Cultures of Resilience and the politics of resilience


understood as shared beliefs and behaviours


understood as adaptability, flexibility, learning, agility and resourcefulness


understood as people who try to influence the way a country is governed


based on the belief that our best interests are being served

At the beginning of the 21st century, trust, resilience and politics have broken down in society. Under the radar, however, a new organizing principle is emerging, based on territory (place), connectivity (connection), agency (participation). Emerging Cultures of Resilience rooted in place, in creativity and in connectivity, point towards a new socio-techno-economic system fit for the 21st century. This emerging future, however, is not mirrored in our 20th century politics and its political parties. This begs the question does the old way of doing politics fit or do we need a new type of politics to engage productively with the future? To put it differently: Do we need a politics of resilience?

Such an idea is not easy! Powerful and entrenched forces, based on neoliberal monetary and market capitalism, can hinder such a transition. As yet there is little or no political voice to announce and represent the opportunities inherent in the social innovation of emerging local physical networks, at the national or European level. No representation of the social, economic and ecological benefits based on decentralized, distributed, networked and resilient local and connected communities. Despite this, a new meta-narrative is emerging for the 21st century, one based not on scarcity but abundance.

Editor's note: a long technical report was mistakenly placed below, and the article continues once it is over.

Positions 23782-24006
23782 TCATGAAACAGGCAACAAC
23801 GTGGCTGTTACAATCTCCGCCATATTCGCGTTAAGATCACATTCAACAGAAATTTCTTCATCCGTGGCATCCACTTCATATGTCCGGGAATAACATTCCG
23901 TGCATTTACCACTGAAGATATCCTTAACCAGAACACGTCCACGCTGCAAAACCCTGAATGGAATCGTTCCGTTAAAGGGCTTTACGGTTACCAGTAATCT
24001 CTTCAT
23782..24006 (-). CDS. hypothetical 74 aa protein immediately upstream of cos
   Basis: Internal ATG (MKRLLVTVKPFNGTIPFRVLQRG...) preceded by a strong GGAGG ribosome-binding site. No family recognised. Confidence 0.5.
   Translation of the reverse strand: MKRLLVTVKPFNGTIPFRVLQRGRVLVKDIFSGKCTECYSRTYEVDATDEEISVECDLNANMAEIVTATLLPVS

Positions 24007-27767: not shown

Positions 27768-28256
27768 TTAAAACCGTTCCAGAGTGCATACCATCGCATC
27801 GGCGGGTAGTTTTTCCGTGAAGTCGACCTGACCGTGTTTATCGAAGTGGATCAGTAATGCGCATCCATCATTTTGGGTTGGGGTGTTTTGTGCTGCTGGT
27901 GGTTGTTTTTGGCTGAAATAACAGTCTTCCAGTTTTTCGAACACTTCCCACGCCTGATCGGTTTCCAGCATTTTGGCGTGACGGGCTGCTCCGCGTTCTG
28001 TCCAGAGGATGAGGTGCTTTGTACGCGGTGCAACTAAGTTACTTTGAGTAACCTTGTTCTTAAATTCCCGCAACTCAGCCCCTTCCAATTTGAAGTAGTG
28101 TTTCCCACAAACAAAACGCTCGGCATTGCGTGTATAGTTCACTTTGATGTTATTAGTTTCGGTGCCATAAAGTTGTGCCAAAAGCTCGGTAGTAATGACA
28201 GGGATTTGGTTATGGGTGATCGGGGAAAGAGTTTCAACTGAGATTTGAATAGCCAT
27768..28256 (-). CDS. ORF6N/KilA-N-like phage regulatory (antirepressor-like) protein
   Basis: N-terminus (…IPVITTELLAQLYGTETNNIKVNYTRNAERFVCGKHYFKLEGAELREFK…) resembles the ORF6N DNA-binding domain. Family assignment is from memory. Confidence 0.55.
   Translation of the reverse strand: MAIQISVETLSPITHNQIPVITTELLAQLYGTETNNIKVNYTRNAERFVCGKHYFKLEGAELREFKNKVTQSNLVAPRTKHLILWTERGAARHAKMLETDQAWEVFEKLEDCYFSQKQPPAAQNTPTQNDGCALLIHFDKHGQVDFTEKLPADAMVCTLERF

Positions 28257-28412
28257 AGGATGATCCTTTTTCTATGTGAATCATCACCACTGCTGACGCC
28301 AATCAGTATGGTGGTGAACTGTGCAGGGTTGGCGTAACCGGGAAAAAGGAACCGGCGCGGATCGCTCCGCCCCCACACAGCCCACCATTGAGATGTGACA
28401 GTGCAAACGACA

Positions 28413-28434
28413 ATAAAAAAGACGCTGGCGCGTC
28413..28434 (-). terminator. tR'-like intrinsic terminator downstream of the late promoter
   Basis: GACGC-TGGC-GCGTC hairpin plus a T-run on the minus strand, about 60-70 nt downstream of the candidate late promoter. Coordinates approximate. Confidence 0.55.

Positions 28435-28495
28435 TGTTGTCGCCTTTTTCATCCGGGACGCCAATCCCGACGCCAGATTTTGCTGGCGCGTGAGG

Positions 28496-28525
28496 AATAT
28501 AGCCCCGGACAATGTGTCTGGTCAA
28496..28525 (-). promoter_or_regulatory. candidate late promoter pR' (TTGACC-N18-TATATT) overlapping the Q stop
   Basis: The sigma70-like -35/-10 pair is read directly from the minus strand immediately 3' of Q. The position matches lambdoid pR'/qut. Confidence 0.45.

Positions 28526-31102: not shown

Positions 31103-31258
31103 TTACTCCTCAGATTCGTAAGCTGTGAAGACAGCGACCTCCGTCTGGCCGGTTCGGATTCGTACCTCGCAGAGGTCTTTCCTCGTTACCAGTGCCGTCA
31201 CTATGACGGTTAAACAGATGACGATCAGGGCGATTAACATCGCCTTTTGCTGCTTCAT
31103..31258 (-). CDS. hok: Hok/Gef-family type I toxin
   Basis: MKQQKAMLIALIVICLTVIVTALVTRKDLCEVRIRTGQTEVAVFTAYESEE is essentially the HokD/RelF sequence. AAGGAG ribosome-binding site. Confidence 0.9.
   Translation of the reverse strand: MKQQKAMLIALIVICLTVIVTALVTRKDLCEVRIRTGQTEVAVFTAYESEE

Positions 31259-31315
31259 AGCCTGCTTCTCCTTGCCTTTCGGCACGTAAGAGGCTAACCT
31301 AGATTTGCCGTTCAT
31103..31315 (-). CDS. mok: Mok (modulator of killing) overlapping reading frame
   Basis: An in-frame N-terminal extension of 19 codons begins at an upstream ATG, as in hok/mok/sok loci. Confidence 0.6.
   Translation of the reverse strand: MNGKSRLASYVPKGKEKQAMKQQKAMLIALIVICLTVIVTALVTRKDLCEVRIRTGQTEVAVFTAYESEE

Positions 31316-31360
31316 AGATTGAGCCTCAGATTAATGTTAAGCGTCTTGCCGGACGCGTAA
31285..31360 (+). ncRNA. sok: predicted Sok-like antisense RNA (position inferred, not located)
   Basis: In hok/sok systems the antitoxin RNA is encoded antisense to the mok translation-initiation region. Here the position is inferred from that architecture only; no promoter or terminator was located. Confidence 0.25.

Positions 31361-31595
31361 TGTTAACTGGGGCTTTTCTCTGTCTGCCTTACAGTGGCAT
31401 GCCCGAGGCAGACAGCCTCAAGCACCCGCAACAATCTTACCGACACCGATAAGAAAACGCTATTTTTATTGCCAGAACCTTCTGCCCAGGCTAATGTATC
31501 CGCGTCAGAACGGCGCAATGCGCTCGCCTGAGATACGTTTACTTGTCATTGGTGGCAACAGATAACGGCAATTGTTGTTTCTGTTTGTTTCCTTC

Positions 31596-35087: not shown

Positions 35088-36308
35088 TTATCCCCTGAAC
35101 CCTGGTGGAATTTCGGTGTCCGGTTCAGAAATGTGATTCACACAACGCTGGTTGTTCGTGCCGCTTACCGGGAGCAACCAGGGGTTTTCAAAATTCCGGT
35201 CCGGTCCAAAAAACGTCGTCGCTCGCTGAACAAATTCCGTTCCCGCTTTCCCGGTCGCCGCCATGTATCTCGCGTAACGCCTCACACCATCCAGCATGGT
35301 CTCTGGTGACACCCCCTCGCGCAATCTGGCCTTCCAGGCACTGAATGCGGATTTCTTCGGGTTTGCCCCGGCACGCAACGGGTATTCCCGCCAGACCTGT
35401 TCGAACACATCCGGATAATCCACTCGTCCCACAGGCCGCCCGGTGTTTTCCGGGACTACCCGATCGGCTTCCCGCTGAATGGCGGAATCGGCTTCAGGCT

At the center of this meta-narrative is us, humans. Humans are unique in that they have the capacity to imagine, to tell stories, to create, to be flexible and to adapt. Some species have some of these but not all of them. If, through cultures of resilience, we are able to liberate these unique capacities then we can imagine, for the first time in our history, living not in a state of scarcity but in a state of abundance: abundance, not of stuff, but of those very qualities that make us uniquely human. Resilient systems have the potential to liberate these intangible qualities, qualities, furthermore, that are not perishable but that multiply by usage both personally and collectively. More is more not less is more!

So, do we rely on a tipping point, on the contamination of this new virus and its resilience to resist the establishment’s antibodies, or, do we also debate and consider a new politics fit for purpose? Do we need to start a conversation around the Cultures of Resilience and the Politics of Resilience? Do we start imagining, within the Cultures of Resilience, the kind of politics and political system we need to reflect this emerging future and help make it happen?


Firstly identify the questions, for example: